Lymphocytes proliferation after antigen-driven activation leads to an increase in cell count, which could last some week, until apoptosis mechanisms allow the homeostatic control of the system. During the first days of this stimulation, activated lymphocytes display high resistance to apoptosis and to most immunosuppressive drugs. According to the literature, few compounds have been described to kill recently activated cells, by inhibiting metabolic processes fundamental to proliferation.
The aim of our work was to evaluate comparatively these different compounds, in order to identify the best strategy to kill cells that have undergone proliferation, while sparing the repertoire of resting cells.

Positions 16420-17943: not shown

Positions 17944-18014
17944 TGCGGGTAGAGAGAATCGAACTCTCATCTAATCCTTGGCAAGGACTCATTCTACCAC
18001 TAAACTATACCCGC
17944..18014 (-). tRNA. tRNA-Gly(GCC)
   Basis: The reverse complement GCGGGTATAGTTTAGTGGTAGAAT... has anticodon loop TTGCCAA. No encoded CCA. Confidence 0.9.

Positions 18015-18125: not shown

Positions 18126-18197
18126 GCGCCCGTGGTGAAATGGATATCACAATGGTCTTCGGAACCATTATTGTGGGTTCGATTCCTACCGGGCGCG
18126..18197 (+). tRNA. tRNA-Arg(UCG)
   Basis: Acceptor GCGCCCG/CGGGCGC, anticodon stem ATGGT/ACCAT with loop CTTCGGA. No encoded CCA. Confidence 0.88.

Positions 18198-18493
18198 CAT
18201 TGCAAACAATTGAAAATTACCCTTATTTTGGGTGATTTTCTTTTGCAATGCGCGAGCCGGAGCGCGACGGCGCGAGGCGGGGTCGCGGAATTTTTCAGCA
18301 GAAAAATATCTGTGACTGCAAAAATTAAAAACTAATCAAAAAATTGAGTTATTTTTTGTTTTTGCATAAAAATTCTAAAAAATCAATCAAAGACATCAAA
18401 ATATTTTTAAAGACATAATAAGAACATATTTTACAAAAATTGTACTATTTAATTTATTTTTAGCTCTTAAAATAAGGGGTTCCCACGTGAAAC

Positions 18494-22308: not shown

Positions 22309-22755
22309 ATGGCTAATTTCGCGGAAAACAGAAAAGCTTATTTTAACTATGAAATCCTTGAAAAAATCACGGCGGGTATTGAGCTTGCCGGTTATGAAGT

After preliminary experiments, 3-HAA and bortezomib were selected as the most suitable compounds for our purposes. The possible synergic effect of 3-HAA with bortezomib or with manganese ions was also assessed.
3-HAA was confirmed to be the most reliable pharmacologic approach to inhibit proliferation with acceptable toxicity on resting cells. While in the case of PHA stimulation 3-HAA led to death of most lymphocytes, only a minor percentage of cells were killed after allo-stimulation, suggesting that the effect is proportional to the percentage of stimulated lymphocytes. Manganese ions further enhanced this effect, while results with bortezomib seemed to be less consistent.
These results deserve further investigations to develop new procedures for targeting activated cells with pharmacological approaches.